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Lori Saroya

She writes about life as a American Muslim woman.

Islamophobia vs. the clamor of the good people

Mohammad Zafar was walking down the street minding his own business when he heard it. An angry, fierce voice yelled something he had heard many times before: “Go back to your country!” He instinctively looked around, wondering who they were talking to. Surely, he would come to that person’s defense and offer any help he could. But there was no one else. They were talking to Mohammad.

The comment is nonsensical because most American Muslims don’t have a country to “go back to.” This is their country. Despite that, American Muslims are regularly subjected to hateful comments -- especially Muslim women in hijab or Muslim men, like Mohammad Zafar, that have a long beard.

It’s disturbing that a young man walking down the street in Minnesota would be regularly subjected to hate for no reason. It’s even more disturbing that he was targeted solely based on his race and religion. However, what makes Mohammad’s case so egregious is that he is a former United States Marine.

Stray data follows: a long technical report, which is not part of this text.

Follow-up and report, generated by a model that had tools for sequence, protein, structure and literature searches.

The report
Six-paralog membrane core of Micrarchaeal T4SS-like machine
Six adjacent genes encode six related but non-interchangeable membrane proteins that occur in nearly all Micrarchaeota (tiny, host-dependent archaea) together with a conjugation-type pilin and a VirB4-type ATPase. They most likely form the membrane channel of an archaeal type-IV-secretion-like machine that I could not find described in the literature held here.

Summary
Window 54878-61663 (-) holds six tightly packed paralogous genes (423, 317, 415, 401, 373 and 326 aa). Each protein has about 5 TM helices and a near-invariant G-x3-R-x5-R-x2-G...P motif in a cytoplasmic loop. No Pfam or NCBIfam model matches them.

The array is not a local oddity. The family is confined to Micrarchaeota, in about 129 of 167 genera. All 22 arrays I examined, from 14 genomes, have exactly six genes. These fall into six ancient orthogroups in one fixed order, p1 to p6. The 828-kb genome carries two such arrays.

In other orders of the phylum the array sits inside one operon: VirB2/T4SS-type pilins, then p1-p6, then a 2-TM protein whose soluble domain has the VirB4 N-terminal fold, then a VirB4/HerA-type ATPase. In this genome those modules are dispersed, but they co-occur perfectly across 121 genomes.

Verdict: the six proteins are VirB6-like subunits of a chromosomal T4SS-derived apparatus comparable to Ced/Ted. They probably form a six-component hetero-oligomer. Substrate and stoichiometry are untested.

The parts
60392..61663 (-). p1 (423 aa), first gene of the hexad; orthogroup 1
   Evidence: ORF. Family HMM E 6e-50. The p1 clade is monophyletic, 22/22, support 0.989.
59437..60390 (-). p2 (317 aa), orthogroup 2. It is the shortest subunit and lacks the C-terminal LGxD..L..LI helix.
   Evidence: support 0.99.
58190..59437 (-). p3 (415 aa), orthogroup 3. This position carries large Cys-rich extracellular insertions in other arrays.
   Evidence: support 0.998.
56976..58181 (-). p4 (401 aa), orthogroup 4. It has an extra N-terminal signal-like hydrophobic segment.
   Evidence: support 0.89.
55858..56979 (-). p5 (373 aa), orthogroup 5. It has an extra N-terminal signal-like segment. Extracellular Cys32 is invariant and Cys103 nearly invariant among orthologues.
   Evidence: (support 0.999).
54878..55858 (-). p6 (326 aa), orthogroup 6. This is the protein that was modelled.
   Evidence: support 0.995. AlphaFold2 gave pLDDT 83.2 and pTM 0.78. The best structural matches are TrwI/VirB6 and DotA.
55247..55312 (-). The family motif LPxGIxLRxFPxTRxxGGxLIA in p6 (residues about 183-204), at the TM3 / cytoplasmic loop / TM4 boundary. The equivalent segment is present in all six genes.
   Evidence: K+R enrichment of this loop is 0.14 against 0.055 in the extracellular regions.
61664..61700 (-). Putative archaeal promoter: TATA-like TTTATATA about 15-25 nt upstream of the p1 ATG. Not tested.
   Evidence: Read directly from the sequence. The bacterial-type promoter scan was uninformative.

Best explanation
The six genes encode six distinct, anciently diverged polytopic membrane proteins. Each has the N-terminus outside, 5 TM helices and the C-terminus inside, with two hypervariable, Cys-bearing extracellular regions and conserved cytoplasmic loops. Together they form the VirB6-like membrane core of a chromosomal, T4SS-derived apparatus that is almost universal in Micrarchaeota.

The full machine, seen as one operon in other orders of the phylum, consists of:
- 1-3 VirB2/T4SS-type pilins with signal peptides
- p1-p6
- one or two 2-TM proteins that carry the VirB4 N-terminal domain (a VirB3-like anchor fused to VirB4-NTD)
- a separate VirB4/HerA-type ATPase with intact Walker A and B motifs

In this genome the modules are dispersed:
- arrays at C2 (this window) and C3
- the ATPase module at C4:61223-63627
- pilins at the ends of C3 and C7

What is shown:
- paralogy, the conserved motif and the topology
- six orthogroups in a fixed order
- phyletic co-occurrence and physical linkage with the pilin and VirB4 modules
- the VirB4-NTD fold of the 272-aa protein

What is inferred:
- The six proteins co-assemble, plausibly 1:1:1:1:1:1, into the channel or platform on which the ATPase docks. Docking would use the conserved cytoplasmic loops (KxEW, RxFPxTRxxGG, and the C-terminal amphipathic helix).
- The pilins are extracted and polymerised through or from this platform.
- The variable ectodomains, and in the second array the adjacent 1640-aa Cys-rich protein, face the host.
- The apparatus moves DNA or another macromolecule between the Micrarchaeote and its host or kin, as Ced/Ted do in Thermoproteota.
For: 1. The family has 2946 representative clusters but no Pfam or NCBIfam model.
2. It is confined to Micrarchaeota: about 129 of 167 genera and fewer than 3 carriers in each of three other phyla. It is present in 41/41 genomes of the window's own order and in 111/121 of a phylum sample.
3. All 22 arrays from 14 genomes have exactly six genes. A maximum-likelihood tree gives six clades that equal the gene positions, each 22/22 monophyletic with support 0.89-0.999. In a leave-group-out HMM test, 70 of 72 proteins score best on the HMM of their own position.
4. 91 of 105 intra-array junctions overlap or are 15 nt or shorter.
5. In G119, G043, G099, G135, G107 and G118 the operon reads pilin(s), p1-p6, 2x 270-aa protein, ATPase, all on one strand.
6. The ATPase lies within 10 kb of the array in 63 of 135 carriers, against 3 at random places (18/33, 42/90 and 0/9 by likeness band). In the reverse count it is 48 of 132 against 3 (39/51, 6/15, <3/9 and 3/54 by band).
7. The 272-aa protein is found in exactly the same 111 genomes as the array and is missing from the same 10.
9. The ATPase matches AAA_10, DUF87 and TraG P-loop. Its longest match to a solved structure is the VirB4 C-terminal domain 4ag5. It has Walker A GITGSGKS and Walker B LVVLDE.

Not only is this Mohammad’s country, but he proudly and honorably served it. He risked his life for it.

Mohammad is a recipient of the prestigious Minnesota Veterans Voices Award, presented to veterans who have made “exceptional contributions to the community.” His full-time job involves working with returning veterans, assisting them with the Minnesota GI bill at a local university. Earlier this month, he was featured by Twin Cities Public Television for promoting fitness in his neighborhood.